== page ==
ewer

[yoo-er]
noun
1.
a pitcher with a wide spout.
2.
Decorative art. a vessel having a spout and a handle, especially a tall, slender vessel with a base.

Origin:
1275–1325; Middle English < Anglo-French; Old French evier < Latin aquārius vessel for water, equivalent to aqu(a) water + -ārius -ary

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ewer (ˈjuːə)
 
n
a large jug or pitcher with a wide mouth
 
[C14: from Old French evier, from Latin aquārius water carrier, from aqua water]

Collins English Dictionary - Complete & Unabridged 10th Edition
2009 © William Collins Sons & Co. Ltd. 1979, 1986 © HarperCollins
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Etymonline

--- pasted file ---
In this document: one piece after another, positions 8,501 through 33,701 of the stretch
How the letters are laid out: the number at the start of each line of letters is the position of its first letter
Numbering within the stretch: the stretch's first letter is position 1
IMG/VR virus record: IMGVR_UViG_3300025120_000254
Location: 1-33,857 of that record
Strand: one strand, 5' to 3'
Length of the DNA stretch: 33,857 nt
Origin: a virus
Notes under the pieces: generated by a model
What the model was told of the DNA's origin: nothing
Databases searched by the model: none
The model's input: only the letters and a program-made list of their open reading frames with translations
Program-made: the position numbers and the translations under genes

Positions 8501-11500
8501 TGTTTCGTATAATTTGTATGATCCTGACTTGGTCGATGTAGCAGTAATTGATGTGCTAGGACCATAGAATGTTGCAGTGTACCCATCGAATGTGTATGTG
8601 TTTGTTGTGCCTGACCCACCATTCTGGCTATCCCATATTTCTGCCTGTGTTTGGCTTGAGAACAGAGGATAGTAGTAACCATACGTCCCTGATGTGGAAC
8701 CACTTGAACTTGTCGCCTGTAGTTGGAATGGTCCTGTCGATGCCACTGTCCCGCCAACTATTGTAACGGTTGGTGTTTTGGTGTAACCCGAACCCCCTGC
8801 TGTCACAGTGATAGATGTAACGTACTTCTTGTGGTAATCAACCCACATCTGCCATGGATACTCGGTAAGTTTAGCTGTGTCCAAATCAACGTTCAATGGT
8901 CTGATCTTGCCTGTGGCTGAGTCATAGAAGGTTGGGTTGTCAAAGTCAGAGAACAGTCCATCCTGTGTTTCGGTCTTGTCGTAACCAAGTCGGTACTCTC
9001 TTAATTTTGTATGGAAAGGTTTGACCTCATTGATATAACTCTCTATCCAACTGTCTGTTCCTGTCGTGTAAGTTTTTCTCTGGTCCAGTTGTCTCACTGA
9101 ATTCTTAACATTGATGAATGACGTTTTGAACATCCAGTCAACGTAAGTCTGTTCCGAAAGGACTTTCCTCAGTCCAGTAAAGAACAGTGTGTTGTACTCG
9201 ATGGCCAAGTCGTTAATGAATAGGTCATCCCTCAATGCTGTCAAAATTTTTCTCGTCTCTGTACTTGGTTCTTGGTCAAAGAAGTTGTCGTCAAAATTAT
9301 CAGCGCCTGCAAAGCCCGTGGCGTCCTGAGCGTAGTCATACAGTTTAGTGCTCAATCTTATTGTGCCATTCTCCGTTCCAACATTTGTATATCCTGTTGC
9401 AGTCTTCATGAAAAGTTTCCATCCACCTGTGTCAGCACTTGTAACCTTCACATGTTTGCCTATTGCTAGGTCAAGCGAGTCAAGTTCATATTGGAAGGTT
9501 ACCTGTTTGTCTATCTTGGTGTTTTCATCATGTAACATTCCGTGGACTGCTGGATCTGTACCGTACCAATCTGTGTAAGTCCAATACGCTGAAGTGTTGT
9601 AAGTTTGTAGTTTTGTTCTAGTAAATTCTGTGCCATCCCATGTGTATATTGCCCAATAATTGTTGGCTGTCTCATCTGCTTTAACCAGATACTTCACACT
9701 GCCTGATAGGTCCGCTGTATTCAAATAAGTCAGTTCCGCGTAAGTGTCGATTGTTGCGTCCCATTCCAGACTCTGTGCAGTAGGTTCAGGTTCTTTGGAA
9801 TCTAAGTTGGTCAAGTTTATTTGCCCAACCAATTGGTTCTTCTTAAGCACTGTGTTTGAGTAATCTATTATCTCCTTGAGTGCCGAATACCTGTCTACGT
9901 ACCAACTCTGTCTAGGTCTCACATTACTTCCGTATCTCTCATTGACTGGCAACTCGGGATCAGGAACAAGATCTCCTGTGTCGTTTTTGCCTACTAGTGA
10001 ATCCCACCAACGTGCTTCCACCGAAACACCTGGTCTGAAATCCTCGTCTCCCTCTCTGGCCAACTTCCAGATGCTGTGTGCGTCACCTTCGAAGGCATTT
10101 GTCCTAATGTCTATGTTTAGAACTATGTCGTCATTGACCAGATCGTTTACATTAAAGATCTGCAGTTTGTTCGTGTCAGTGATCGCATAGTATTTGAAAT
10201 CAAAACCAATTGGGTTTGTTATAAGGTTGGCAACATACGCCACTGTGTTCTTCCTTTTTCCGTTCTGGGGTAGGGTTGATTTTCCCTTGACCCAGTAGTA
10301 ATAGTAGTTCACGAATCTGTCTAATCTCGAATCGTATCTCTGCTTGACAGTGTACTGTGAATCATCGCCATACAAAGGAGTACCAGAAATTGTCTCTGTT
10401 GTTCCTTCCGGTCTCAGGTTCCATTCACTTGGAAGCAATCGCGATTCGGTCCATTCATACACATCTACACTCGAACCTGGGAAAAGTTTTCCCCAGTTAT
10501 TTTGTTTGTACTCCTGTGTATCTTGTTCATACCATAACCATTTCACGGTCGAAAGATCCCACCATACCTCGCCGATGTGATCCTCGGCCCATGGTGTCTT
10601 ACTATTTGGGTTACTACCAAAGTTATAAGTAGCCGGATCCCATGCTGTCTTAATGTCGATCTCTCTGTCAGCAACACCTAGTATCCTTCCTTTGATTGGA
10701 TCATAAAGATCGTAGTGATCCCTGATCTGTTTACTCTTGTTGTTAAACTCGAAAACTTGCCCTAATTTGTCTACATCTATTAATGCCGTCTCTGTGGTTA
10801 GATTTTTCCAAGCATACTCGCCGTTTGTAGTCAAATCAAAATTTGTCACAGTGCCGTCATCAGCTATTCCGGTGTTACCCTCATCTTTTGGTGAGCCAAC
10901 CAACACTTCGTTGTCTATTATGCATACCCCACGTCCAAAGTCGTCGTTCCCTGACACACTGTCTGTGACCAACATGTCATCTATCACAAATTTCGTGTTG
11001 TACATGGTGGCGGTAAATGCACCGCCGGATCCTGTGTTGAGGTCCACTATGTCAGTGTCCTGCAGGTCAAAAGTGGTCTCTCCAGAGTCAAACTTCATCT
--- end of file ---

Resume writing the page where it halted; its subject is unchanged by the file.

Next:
Word Origin & History

ewer
early 14c., from Anglo-Fr. ewiere, from O.Fr. eviere "water pitcher," parallel form of aiguiere, from fem. of L. aquarius "of or for water," from aqua "water."
Online Etymology Dictionary, © 2010 Douglas Harper
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Example sentences
They seated themselves there, and a maid brought water in a golden ewer and poured it over their hands into a silver basin.
In the package was a piece of the treasure, a silver ewer or pitcher.
On a venerable piece of furniture with wooden shelf stood a ewer and basin and shaving apparatus.
Ewer stated that maybe the name of the committee could be changed.
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